Menu

Blog

Sep 9, 2020

States Join Automated Security Pilot with MS-ISAC, Johns Hopkins

Posted by in categories: cybercrime/malcode, government, robotics/AI

The promise of artificial intelligence for cybersecurity is that it will free security professionals at government agencies from menial tasks and allow them to focus on threat hunting and higher-level work. Another benefit that might get lost in the shuffle, but is no less important, is that automation in cybersecurity can actually lead to enhanced security for agencies.

Five governments are testing that proposition. Last month, the states of Arizona, Louisiana, Massachusetts and Texas, along with Maricopa County, Ariz., announced a partnership with the Multi-State Information Sharing and Analysis Center and the Johns Hopkins Applied Physics Laboratory (APL) to pilot a cybersecurity automation program.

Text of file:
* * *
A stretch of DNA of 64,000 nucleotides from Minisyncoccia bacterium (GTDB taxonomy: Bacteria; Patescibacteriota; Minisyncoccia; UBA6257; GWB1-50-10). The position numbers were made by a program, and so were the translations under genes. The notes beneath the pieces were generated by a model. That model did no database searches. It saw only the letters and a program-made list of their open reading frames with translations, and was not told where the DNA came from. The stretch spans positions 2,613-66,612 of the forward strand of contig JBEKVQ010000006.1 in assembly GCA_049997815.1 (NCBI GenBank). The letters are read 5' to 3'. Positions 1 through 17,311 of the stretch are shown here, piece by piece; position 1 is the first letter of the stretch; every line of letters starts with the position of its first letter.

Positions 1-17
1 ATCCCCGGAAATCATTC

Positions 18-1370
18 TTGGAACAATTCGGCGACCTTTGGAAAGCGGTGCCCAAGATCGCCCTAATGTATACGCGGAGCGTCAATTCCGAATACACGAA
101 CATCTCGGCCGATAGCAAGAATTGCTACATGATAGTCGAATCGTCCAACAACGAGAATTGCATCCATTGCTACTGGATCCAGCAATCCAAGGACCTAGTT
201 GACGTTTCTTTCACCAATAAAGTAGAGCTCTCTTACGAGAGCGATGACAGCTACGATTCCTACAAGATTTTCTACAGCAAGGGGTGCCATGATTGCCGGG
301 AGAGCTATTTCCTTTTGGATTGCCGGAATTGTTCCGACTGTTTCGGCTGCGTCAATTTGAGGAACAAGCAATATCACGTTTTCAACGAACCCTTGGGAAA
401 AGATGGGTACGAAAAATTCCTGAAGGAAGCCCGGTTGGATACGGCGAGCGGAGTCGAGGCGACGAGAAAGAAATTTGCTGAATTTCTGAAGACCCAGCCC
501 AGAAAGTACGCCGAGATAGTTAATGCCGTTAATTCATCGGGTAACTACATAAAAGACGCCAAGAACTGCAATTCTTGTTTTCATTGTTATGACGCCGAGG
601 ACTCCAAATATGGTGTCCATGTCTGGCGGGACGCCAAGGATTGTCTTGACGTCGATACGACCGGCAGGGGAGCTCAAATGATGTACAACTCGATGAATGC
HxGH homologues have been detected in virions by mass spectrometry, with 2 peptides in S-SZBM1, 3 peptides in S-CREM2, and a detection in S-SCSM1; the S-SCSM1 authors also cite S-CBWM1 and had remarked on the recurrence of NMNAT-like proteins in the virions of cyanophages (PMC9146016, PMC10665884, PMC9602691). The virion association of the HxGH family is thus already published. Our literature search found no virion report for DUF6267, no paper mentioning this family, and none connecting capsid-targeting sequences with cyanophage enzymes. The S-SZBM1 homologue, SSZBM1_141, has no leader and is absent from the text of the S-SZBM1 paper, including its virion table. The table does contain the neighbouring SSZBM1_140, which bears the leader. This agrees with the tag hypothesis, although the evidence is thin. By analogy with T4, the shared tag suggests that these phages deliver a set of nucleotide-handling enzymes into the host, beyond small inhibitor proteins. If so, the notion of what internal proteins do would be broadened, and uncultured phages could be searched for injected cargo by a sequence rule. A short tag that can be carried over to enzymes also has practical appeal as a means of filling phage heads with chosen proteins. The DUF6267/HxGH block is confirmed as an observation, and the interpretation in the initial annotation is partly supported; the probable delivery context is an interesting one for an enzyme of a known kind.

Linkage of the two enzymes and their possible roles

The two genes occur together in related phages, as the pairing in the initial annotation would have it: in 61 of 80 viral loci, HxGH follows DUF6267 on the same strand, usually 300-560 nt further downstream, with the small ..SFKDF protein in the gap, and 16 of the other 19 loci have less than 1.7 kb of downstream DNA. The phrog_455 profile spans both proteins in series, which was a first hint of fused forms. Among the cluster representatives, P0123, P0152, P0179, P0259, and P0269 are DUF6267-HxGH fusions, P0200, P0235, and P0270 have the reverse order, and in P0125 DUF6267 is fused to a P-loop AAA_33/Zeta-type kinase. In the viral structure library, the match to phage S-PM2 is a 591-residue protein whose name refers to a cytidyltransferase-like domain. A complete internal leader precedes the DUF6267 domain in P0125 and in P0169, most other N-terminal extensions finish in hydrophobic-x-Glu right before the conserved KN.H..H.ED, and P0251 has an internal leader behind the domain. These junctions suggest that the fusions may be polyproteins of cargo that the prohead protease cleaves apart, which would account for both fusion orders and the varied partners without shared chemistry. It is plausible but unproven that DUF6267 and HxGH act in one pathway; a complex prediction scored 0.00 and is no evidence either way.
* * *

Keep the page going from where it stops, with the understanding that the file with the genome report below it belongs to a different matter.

The agencies will be using security orchestration, automation and response (SOAR) tools, which “enable organizations to collect security-threat data through multiple sources and perform triage response actions significantly faster than with manual processes,” according to a Johns Hopkins press release. The hope is that it will enable the agencies to “quickly and broadly share information — in near real time — and leverage automation to prevent or respond to cyberattacks,” the release states.

Leave a reply